TITLE

Route of Selma-to-Montgomery march named a National Historic Trail, tourist attraction

PUB. DATE
November 1996
SOURCE
Jet;11/04/96, Vol. 90 Issue 25, p22
SOURCE TYPE
Periodical
DOC. TYPE
Article
ABSTRACT
Announces the naming of the Selma-to-Montgomery highway in Alabama as a National Historic Trail in November 1996. The future of the site as a tourist attraction; History of the route; Significance of route to Afro-Americans; The role of Martin Luther King Jr.
ACCESSION #
9611137820

 

Related Articles

  • Dump Threatens Historic Route. Daerr, Elizabeth G. // National Parks;Mar/Apr2001, Vol. 75 Issue 3/4, p12 

    Reports on the decision of a Montgomery County Circuit court to stop the construction of a Lowndes County landfill within miles of Selma to Montgomery National Historic Trail in Alabama. Information on the trail; Reason for the court decision; Opposition of the United States National Park...

  • We struggle not in vain. Sharpton, Al // New York Amsterdam News;3/12/2009, Vol. 100 Issue 11, p13 

    The author reflects on the celebration of the anniversary of Selma to Montgomery March, which protested the voting rights denial of African-Americans. He says that for Eric Holder, the first African American attorney general, participating in the event shows the vindication of history and the...

  • Rep. John Lewis Honored By National Park Foundation's African American Experience Fund.  // Jet;5/2/2005, Vol. 107 Issue 18, p20 

    Reports that United States Representative John Lewis was honored by the National Park Foundation's African American Experience Fund. Leadership of Lewis in the Selma to Montgomery March, a civil rights protest march against the voting practices that discriminate against Blacks; Dedication of the...

  • A HiSTORic ROAD.  // Cobblestone;Feb2014, Vol. 35 Issue 2, p46 

    The article presents information on the history of the "Bloody Sunday" Selma-to-Montgomery March of 1965, a civil rights protest march from Selma, Alabama to Montgomery, Alabama, with information on the police violence against nonviolent protesters, and the route's designation as a National...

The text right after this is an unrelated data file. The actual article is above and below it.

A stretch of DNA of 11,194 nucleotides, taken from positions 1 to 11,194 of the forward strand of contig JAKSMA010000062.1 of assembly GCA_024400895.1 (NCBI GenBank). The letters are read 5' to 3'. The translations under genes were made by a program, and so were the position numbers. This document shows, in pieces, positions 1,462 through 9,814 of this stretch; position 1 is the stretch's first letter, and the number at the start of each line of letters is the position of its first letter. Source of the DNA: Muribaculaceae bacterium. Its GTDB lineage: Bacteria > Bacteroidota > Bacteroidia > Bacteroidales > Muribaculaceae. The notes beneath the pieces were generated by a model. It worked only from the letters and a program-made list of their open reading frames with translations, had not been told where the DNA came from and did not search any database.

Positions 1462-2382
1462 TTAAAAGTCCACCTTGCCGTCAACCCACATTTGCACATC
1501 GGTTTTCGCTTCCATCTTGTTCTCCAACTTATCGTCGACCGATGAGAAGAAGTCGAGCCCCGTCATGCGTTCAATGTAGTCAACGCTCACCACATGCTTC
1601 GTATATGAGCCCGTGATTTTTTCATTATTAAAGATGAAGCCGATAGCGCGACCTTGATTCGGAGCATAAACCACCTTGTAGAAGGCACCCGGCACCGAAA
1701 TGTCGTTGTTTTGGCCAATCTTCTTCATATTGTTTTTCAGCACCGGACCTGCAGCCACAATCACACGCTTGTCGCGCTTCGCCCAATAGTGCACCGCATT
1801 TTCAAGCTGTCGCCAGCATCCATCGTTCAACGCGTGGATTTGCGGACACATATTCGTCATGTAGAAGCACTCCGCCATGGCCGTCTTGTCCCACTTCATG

• THIS WEEK IN BLACK HISTORY.  // Jet;3/13/2006, Vol. 109 Issue 10, p19 

    The article recalls events in the history of the U.S. during the second week of March. It mentions that the Civil Rights March from Selma to Montgomery, Alabama began on March 7, 1965. Demonstrators marched more than 50 miles to protest the denial of voting rights for blacks. As demonstrators...

  • In The Footsteps of a Dream. Barone, Jeanine // National Parks;Fall2010, Vol. 84 Issue 4, p1 

    The article features several historical places of Gergia and Alabama that defines the civil rights movement and of who American as a nation which were protected by the National Park Service including Martin Luther King, Jr National Historic Site, Tuskegee Airmen National Historic Site, and the...

  • Civil Rights Leaders Re-Enact SELMA MARCH On 38th Anniversary.  // Jet;3/24/2003, Vol. 103 Issue 13, p4 

    Marchers crossed the Edmund Pettus Bridge in Selma, Alabama, in a re-enactment of the 1965 historical civil rights event known as Bloody Sunday for the violent confrontation with state troopers. The march marked the 38th anniversary of the bloody confrontation in which marchers were beaten on...

Share

Read the Article

Courtesy of THE LIBRARY OF VIRGINIA

Sorry, but this item is not currently available from your library.

Try another library?
Sign out of this library

Other Topics